About Sean Devine

I was originally a research physicist in a New Zealand government laboratory, with a modest publication record.   On the way to becoming a manager in the New Zealand science system I became an economist inquiring into wealth creation through technological change.  In doing this, I saw serious difficulties with the neoclassical equilibrium view of economics, as the   view failed to recognise that an economy is far from equilibrium.   In an equilibrium situation the development path is irrelevant.   However the different paths and outcomes that occurred when the Soviet Union and China moved towards market economics, show path is critical.   Again, The 2007-2008 shock to the US and the world economy shows that the macroeconomic drivers have little to do with a neoclassical equilibrium view.
In looking for a way to approach non equilibrium issues, I stumbled across Chaitin's work on Algorithmic Information Theory (AIT)   outlined in the book  John Casti's book "Complexification".
This introduced me to the works of Gregory Chaitin and ultimately Li and Vitányi’s comprehensive book.     While this book is a treasure trove, it is difficult for an outsider to master as the context of much of the development is not clear to a non mathematician.   Nevertheless the book pointed to Kolmogorov's work on algorithmic complexity, probability theory and randomness.   So while the application to economic systems is on the back burner, I realised that AIT provided a useful tool for scientists to look at natural systems.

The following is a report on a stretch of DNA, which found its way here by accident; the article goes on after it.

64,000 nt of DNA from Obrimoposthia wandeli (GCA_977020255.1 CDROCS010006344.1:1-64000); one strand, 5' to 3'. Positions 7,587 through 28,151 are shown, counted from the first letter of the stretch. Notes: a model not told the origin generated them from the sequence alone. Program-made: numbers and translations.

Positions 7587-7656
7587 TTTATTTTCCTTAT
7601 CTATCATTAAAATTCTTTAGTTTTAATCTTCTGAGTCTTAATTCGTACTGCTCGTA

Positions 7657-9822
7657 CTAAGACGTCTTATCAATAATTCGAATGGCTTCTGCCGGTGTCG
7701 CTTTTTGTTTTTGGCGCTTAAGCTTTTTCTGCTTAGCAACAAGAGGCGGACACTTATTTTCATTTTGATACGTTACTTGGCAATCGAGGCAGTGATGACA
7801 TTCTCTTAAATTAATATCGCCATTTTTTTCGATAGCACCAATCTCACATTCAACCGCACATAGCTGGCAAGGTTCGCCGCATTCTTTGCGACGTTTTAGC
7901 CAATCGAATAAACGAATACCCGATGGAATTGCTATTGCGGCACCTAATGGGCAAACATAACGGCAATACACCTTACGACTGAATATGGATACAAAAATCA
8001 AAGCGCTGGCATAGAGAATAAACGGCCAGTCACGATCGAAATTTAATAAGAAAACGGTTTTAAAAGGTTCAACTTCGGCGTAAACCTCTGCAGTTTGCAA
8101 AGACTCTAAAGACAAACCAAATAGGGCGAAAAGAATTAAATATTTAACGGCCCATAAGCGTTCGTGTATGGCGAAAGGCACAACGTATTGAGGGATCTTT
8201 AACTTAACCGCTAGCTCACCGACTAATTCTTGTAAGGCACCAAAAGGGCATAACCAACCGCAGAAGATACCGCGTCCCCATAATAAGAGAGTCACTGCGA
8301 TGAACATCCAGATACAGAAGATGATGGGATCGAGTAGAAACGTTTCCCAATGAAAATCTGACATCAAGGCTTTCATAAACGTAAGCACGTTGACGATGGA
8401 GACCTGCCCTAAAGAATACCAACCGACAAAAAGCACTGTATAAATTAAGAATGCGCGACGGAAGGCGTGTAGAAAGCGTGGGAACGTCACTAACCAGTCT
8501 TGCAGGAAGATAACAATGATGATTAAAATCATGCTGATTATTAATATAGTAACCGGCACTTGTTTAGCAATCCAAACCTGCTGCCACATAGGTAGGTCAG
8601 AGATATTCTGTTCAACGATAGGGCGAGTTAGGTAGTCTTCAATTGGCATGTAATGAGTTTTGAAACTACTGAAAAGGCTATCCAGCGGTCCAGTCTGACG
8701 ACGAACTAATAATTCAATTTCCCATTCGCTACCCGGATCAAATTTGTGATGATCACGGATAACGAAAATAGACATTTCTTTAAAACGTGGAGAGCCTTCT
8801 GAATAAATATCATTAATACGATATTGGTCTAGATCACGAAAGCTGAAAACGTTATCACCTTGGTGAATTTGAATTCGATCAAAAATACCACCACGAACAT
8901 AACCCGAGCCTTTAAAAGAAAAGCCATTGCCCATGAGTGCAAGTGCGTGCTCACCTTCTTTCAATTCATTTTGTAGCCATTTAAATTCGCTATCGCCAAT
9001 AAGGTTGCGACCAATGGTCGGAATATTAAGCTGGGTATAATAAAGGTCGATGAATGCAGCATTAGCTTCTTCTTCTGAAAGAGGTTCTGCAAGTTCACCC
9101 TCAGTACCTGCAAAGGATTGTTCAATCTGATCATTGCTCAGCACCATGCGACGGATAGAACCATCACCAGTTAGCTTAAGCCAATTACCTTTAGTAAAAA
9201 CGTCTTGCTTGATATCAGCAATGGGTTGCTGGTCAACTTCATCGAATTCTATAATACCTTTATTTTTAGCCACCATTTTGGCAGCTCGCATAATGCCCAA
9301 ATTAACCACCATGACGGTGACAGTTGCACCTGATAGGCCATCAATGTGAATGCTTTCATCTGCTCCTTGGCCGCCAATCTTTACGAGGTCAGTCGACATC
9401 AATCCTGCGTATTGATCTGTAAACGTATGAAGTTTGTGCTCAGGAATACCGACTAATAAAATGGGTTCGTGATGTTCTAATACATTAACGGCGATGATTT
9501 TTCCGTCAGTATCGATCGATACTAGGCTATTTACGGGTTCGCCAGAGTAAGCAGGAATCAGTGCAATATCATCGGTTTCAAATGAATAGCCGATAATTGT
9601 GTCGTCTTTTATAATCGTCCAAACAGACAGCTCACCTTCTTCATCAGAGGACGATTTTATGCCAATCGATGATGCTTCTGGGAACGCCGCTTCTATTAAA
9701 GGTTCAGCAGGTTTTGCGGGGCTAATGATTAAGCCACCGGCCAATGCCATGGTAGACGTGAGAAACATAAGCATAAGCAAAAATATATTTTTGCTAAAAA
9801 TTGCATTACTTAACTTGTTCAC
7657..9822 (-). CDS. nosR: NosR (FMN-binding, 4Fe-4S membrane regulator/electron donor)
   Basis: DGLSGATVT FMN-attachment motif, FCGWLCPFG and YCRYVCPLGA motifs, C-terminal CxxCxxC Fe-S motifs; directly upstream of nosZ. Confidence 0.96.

In short, the developments in AIT, probability and randomness seemed to me to provide a valuable tool to apply to the kind of organised complex systems studied in the natural world.   Unfortunately, these insights are not readily accessible to the scientific community, or in a form that is easy to apply. I found that the earlier work of Zurek and Bennett on algorithmic entropy provided rich understandings of non equilibrium systems- yet this work seems to have become lost in the mists of time.  

A critical issue was how to apply AIT to strings, that specified structure in the real world but also embodied significant noise or variation.   While I developed my own solution (Devine 2006). I later found that Kolmogorov’s   Algorithmic Minimum Sufficient Statistic (AMSS) approach, outlined in Vereshchagin and Vitányi, had done it all. However as the AMSS  approach addressed a different question, its application to specifying a microstate in a real world macrostate was not obvious.  Nevertheless, because variation in similar strings can be handled, the  approach is critical to real systems.  However, I use the term provisional entropy rather than AMSS, as this entropy aligns with the traditional understandings of entropy and provides a path into discussing real non equilibrium systems. See

J. L. Casti. "Complexification:Explaining a Paradoxical World Through the Science of Surprise. Harpercollins (1995).

Li, Ming, and Paul M. B. Vit´anyi, “ An Introduction to Kolmogorov Complexity and Its Applications”, 3rd. ed. New York: Springer-Verlag (2008).

S. D. Devine. The application of algorithmic information theory to noisy patterned strings. Complexity, 12(2):52–58 (2006).

N. K. Vereshchagin and P. M. B. Vitányi. "Kolmogorov's structure functions and model selection". IEEE Transactions on Information Theory, 50(12):3265–3290 (2004).

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